The world has a lot of dangers out there. And one risky thing that you might not have even known about is rocks in tires.
So, what dangers do rocks in tire tread pose? Well, a tire with small stone treads is not in excellent condition. It will have reduced traction and friction. This could easily cause accidents due to a lack of enough grip. In other events, these stones might even cause punctures.
This article will cover what causes rocks to get stuck in your tire tread, how to avoid them, and what to do if they get there anyway.
Rocks in Tire Treads? Here are the causes
So, why do you have rocks in your treads in the first place? Well, here are the causes:
1. Driving in rocky terrain
Driving in rocky terrain is a common cause of tire tread rocks, especially when driving on dirt roads and off-road trails. When you move in rocky terrain, your tires must deal with more abuse. The gaps in your tire treads will pick up small stones as you drive through.
2. Driving on rough roads or highways
Another cause of tire debris is driving on rough roads or highways where there are many cracks and holes in the pavement surface—which means tires will probably encounter rock fragments along their way home from work each day. And this debris might be stuck on your tire treads.
3. Driving over potholes or other uneven surfaces
When a car drives on an area with loose gravel or other debris, it compacts the gravel into smaller rocks. This can repeatedly happen until many stones have accumulated on the potholes. When you drive through such an area, your tire treads pick up some rocks.
Possible problems of driving around with rocks in the tire tread
Here are the downsides of having stones in your tire treads:
Driving around with rocks in your tire tread is noisy. You have to move very slowly to avoid making too much noise. Your car will sound like it’s driving on a rough road while on a smooth highway.
One of the main reasons people get punctures from driving with rocks in their tires is that they don’t realize how much pressure the rocks are putting on them.
If you have heavily loaded your vehicle, it will exert pressure on the car tires. This will push the tiny rocks inside the tire, causing punctures.
3. Less grip
Rocks in the tire tread can affect how much grip your tires have. When there is less rubber on the road surface, your tires take more force to keep them from slipping off into a hole or skidding out onto an embankment. This could lead to an accident and even loss of life.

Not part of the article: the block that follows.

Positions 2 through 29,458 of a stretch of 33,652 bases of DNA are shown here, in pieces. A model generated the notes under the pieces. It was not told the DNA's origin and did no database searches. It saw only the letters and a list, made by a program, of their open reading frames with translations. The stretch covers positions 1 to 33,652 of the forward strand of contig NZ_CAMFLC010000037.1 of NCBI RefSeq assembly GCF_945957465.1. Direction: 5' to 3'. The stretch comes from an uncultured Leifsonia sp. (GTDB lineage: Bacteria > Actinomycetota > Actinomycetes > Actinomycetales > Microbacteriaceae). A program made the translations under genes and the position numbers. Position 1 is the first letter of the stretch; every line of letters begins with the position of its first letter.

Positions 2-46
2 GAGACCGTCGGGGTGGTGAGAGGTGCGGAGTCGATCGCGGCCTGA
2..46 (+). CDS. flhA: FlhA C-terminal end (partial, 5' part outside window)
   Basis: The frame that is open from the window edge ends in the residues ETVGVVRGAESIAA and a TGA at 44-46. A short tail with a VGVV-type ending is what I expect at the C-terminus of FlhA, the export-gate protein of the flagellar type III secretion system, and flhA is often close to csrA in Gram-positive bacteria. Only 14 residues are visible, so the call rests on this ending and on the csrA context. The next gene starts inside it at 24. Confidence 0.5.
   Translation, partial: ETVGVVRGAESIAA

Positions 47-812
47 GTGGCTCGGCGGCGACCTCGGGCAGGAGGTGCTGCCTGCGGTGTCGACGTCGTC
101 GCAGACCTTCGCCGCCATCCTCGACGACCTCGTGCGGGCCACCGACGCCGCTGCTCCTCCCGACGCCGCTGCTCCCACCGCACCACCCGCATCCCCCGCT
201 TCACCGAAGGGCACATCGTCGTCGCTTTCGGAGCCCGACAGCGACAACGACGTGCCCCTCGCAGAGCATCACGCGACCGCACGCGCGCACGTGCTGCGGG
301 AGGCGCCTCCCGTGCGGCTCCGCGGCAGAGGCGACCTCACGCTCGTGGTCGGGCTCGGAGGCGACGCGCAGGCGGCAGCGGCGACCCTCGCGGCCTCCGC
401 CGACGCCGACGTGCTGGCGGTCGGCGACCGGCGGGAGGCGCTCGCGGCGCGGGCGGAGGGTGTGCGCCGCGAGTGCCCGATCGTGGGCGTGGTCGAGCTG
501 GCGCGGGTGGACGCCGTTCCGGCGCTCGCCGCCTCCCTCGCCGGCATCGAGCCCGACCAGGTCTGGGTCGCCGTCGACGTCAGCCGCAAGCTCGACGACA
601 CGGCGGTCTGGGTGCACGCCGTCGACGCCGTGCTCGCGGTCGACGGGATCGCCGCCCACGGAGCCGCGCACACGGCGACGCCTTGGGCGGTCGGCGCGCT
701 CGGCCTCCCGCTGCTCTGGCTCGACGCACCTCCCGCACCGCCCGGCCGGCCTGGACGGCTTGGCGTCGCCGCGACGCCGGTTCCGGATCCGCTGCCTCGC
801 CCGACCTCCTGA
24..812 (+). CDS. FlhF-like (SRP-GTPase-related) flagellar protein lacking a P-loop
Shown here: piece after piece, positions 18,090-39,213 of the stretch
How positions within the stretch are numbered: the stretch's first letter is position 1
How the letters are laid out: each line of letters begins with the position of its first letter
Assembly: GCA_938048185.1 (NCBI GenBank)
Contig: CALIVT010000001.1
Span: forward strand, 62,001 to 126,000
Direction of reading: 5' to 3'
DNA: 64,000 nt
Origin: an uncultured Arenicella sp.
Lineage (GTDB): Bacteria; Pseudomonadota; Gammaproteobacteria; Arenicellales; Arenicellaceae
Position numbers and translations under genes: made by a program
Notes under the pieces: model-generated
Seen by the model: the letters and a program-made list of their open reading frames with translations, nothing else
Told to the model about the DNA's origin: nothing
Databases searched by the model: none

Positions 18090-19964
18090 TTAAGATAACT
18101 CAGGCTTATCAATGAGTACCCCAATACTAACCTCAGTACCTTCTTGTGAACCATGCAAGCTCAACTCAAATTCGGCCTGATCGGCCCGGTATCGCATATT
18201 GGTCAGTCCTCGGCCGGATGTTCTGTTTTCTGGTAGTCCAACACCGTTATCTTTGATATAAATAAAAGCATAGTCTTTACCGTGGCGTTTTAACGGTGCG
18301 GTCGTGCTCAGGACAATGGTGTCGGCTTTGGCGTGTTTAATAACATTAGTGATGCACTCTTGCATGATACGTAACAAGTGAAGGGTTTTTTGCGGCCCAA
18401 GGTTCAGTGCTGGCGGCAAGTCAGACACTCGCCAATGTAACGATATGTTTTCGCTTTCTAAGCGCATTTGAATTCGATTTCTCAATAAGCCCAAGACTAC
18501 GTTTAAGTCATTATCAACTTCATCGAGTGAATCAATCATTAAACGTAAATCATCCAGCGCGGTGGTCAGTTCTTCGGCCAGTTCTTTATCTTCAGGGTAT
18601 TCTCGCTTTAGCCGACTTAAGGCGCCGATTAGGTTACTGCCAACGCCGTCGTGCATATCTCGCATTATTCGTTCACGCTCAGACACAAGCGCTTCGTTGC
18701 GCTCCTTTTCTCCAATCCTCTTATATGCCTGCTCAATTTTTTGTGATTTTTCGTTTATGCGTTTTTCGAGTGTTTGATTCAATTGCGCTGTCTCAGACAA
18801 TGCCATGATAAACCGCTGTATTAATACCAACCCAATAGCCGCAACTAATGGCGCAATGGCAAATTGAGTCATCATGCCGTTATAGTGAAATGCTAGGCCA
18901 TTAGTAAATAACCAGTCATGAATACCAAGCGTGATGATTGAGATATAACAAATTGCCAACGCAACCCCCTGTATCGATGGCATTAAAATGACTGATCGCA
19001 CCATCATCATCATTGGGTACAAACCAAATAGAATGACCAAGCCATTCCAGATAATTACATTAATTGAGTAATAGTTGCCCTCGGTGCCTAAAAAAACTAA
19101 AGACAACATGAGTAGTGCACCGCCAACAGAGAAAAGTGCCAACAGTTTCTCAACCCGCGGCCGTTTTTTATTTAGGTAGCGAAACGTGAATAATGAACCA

4. Worn-out tires
if any of these rocks are sharp enough to cut through the fabric of your tire tread. They could cause damage through puncture wounds or cuts into other parts of your vehicle’s bodywork.
How to avoid getting rocks in your tire treads
Here is how you can avoid getting rocks on your treads:
1. Drive on smooth, flat surfaces
Avoiding rock-strewn roads is straightforward: if you’re off-road or driving through a rocky area, drive where other vehicles have gone before. You can see this via car treads. Do not try to make your route—you’ll be more likely to end up in trouble.
If there’s another route with tarmac, try to use it over gravel roads.
2. Avoid potholes
Potholes have rocks, which are very dangerous to your tires. When driving, make sure you steer clear of potholes. If there is a pothole on the road ahead, slow down and approach it cautiously.
If you have carried a lot of weight in your car, we recommend avoiding potholes at all costs. They will cause punctures since your care will exert a lot of pressure on the small rocks in the pothole.
3. Have the correct tire pressure
To avoid getting rocks in your tire treads, ensure you have the correct tire pressure.
For off-road driving, you’ll want to use a tire with an air pressure of about 20 psi. This is low enough that the tire can easily handle the terrain and obstacles you encounter on your journey.
For high-speed highways, though, you’ll want to go with a slightly higher air pressure—about 35 psi. This will give your tires more grip on the road and help them maintain their shape while driving at high speeds.
4. Watch where you park
Don’t park in areas where rocks might lurk around—like along riverbeds or creeks. Park on smooth surfaces that do not have lots of rocks lying around.
What to do if your tire treads have rocks
If your tires have rocks, you can remove them with a few simple steps. Here’s what you need to do:
- Start by ensuring the tire is inflated to proper pressure (usually between 30 and 35 psi). If it’s not, inflate it to the correct level of PSI.
- Remove any loose objects blocking your way to removing the rocks. These include things like leaves, mud, and sticks. Any loose foreign objects on your tires should be out.
- Pry off each rock with your fingers or a screwdriver until they’re all out. You can also use your car keys to do so. If you are using bare hands, ensure you have gloves to prevent injuries.
- Once all the rocks are out, wash your tires to ensure no other stones have been left on your treads.
We recommend lifting your car with a jack and putting it in neutral gear. If you do not have a jack, remove all the rocks from the visible area of your tire. Once done, move it forward a little bit to finish off the rest of the tire.